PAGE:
Crisis, lag, rebound. Crisis ... lag ... rebound
No, this isn't the chant of an aerobics instructor. Rather, it's the all-too-familiar cycle of the markets and our economy. The recovery that followed the financial crisis and subsequent recession that began in 2008 barely had taken hold before the European debt crisis and the political train wreck over the U.S. debt ceiling derailed any hope for a widespread recovery.
The "recovery" in the financial services space certainly was short lived. After a few consecutive quarters of record profits in 2009 and early 2010, revenue streams dried up as trading volumes plunged. And the swings in financial services business fortune, as always, translate to the job markets. Wall Street firms that cut staff after the 2008 crisis and hired (modestly) during the 2009-2010 recovery have quickly started to shed jobs again.
During this period of upheaval, however, Wall Street CIOs have been expected to maintain a long-term outlook and stick to their three- and five-year technology plans. Most technology plans that were in place in September 2008, however, did not account for the credit crisis. And in September 2009, as the short-lived recovery began, a long-term technology plan would have included an increase in head count, as would a plan created in 2010. But now, three years removed from the financial crisis, any long-term technology strategy would have to include either a reduction in head count or, at best, a budget that assumes a stable level of available resources.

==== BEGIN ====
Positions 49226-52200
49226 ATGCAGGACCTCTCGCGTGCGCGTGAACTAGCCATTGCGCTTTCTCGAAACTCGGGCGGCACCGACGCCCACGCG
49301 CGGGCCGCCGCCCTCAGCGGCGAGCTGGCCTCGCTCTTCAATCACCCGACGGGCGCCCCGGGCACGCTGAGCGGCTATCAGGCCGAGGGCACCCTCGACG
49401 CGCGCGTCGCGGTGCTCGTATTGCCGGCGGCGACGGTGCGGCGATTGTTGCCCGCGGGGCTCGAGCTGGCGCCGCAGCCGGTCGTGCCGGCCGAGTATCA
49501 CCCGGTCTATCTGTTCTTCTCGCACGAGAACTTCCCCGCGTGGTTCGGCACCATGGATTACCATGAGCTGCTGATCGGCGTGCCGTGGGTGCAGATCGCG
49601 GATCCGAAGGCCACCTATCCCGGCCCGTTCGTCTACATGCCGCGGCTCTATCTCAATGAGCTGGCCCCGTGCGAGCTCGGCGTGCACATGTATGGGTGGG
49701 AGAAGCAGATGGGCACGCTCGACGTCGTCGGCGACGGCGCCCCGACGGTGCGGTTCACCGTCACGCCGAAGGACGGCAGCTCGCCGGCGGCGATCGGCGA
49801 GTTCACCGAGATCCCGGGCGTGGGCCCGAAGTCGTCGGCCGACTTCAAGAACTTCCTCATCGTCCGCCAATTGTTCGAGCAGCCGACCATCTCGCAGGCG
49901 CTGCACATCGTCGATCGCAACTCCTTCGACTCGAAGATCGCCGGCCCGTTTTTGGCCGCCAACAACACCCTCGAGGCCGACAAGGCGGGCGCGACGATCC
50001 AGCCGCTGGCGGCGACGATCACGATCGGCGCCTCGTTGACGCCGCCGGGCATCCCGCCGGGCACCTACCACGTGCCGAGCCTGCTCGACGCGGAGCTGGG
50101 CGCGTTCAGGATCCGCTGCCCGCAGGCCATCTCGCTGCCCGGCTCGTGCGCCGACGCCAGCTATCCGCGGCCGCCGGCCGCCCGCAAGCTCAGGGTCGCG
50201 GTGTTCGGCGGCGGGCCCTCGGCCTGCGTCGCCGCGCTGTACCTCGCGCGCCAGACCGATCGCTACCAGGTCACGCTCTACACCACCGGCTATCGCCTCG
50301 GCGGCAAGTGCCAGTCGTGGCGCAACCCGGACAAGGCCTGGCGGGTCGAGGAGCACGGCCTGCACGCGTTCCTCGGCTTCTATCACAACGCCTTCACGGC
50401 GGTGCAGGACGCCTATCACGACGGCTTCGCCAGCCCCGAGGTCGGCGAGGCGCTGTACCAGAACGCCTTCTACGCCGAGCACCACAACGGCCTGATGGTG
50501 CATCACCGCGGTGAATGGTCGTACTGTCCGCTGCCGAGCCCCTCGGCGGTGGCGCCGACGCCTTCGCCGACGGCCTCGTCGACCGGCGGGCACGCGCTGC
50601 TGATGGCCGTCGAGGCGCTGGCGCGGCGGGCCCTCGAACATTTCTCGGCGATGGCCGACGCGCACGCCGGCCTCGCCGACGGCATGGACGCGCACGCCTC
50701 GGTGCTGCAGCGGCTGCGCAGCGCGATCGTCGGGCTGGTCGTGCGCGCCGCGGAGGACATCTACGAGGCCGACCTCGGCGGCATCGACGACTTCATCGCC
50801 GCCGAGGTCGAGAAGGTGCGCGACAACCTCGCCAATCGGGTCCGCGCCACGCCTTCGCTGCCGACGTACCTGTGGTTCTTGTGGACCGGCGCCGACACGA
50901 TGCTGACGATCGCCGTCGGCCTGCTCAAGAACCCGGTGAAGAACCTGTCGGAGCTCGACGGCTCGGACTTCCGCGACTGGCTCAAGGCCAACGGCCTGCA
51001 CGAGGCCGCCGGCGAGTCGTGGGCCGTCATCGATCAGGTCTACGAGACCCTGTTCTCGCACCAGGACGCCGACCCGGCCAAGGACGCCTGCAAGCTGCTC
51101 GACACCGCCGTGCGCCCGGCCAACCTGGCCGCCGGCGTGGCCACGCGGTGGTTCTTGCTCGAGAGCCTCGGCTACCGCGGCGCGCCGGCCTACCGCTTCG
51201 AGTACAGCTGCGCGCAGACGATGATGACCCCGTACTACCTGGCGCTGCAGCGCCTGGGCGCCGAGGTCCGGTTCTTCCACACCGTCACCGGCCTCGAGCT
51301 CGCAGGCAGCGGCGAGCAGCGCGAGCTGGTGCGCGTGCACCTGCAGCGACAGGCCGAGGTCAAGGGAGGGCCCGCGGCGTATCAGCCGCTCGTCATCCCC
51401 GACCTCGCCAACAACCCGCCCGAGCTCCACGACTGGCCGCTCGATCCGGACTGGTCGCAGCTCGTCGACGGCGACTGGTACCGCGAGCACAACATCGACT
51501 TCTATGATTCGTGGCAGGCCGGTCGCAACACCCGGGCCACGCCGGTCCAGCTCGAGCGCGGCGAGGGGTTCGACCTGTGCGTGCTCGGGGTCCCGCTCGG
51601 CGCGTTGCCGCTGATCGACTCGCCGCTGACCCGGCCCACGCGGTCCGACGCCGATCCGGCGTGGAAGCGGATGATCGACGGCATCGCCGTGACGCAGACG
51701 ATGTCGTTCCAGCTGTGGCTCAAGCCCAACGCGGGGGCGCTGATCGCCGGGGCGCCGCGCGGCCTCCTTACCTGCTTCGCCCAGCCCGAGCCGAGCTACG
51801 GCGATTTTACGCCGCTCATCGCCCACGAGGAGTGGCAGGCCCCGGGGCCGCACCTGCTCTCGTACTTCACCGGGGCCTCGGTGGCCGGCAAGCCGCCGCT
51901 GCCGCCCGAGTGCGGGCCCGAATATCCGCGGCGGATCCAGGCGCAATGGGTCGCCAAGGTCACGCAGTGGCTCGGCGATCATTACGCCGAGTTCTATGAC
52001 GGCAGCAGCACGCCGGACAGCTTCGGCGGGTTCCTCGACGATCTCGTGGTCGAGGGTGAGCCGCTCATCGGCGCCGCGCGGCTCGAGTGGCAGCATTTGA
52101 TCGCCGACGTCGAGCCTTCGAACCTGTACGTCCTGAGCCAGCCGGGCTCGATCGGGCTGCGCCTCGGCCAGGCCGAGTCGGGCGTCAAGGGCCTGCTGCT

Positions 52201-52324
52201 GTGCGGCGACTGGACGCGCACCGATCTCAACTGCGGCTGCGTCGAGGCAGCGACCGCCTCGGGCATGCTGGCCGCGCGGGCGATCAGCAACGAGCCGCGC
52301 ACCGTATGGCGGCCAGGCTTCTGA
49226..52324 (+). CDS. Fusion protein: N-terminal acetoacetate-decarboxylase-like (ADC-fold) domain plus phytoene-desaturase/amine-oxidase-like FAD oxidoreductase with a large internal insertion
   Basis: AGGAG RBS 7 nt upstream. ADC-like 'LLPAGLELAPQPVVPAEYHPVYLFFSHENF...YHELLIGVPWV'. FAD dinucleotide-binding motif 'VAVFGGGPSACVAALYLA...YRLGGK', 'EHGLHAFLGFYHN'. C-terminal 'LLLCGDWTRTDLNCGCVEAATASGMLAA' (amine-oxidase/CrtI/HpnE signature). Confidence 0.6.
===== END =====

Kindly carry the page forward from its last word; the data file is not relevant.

With an economic outlook that shifts as quickly as the seasons, how are CIOs supposed to build long-term technology plans that both address a firm's current business needs as well as create a technology foundation that can accommodate future growth opportunities? It's a difficult mandate, but it is one that all business and technology leaders face. Building an efficient technology organization that can ramp up quickly (or cut back just as quickly) is one of the only ways that a technology executive can plan for these rapid boom and bust cycles. As a result, CIOs are taking advantage of cloud technology to reduce costs and increase flexibility. They also are relying more on external vendors for services. These trends have been growing for a few years, but now they seem to have escalated to the point of becoming best practices.
In fact, efficiency, innovation and managing during crises are some of the themes that are highlighted in the profiles of this year's Gold Book honorees. These CIOs don't have all the answers -- they admit that they, too, are learning as they go. But as they try new ideas, technologies and strategies, they are building a technology foundation at their respective firms that can respond to business demands as quickly as they change.Greg MacSweeney is editorial director of InformationWeek Financial Services, whose brands include Wall Street & Technology, Bank Systems & Technology, Advanced Trading, and Insurance & Technology. View Full Bio